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THE MAN WHO MISTOOK HIS WIFE FOR A HAT AND OTHER CLINICAL TALES by Oliver Sacks (Summit: $15.95; 233 pp., illustrated)

March 23, 1986|Bettyann Kevles | Kevles writes on science for View.

Hope and compassion echo through this remarkable collection of case-histories in which the neurologist Oliver Sacks explores the mysterious worlds of his patients. An essayist on a par with Lewis Thomas and Stephen Jay Gould, Sacks is fascinated by the complexity of the human brain. While acknowledging that the brain processes information in many ways like a computer, he perceives that it is more than that. He explains that a successful physician has to understand that "our mental processes, which constitute our being and life, are not just abstract and mechanical, but personal as well--and, as such, involve not only classifying and categorizing but continual judging and feeling also."

Describing what at first glance seem a veritable freak circus of impaired individuals--autistic twins who communicate by factoring numbers faster than all but the most up-to-date computers, a woman who has lost contact with and can no longer feel her body, a man with amnesia so profound that he cannot remember what has happened to him five minutes earlier, Sacks probes these defects to discover the essential humanity, the soul of the individual beyond the defect.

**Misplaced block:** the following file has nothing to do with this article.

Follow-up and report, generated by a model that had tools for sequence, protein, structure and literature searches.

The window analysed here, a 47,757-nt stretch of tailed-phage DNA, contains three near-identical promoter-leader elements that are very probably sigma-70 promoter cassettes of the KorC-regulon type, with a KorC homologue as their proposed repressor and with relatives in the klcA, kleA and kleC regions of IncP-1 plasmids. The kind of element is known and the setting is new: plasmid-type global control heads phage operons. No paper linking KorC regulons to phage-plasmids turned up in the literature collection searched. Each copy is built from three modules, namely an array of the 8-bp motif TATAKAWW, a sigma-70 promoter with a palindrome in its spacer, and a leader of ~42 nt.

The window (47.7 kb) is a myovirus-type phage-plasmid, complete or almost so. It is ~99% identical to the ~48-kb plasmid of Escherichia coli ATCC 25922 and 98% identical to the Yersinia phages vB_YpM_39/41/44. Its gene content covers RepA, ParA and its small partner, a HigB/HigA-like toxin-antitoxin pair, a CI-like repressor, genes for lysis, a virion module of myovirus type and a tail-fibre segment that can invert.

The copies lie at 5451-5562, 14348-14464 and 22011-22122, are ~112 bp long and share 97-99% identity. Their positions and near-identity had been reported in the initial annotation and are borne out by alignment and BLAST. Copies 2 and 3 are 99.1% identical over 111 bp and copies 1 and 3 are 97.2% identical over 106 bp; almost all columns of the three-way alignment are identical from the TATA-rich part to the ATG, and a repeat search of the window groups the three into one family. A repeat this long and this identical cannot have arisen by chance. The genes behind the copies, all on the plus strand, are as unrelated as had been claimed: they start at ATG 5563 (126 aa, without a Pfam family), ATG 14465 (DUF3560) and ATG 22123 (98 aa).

We meet Jimmy G, a patient suffering from retrograde amnesia--the inability to remember anything at all after, in his case, 1945. We share Jimmy's bewilderment and frustration at being trapped in a changeless present; and we rejoice with the physician as he glimpses Jimmy in the chapel totally absorbed in taking communion. Jimmy's spirituality reminds Sacks that a man is more than mere memory.

Again Sacks confronts us with insight into the human condition as we meet an autistic artist who, unable to communicate with other people or learn in a conventional manner, can nonetheless sketch delicate botanical renderings. Sacks finds a parallel between the artist and the genius: Both mental prodigy and mental defective are out of step with the rest of us. The poet John Donne was wrong, Sacks asserts, when he wrote that "no man is an island." The autistic human being is an island, unconnected with the mainland of humanity, but nonetheless still human.

Sacks ponders the medical nature of these afflictions through the writings of his personal heroes, the giants of neurology Hughlings Jackson and A. R. Luria. He also appreciates the contributions that many of his patients have made to an understanding of their own conditions.

Fascinating for the spectrum of neurological anomalies, in the long run, these Clinical Tales are particularly satisfying because we are privileged to be in the company of an especially compassionate and learned physician.

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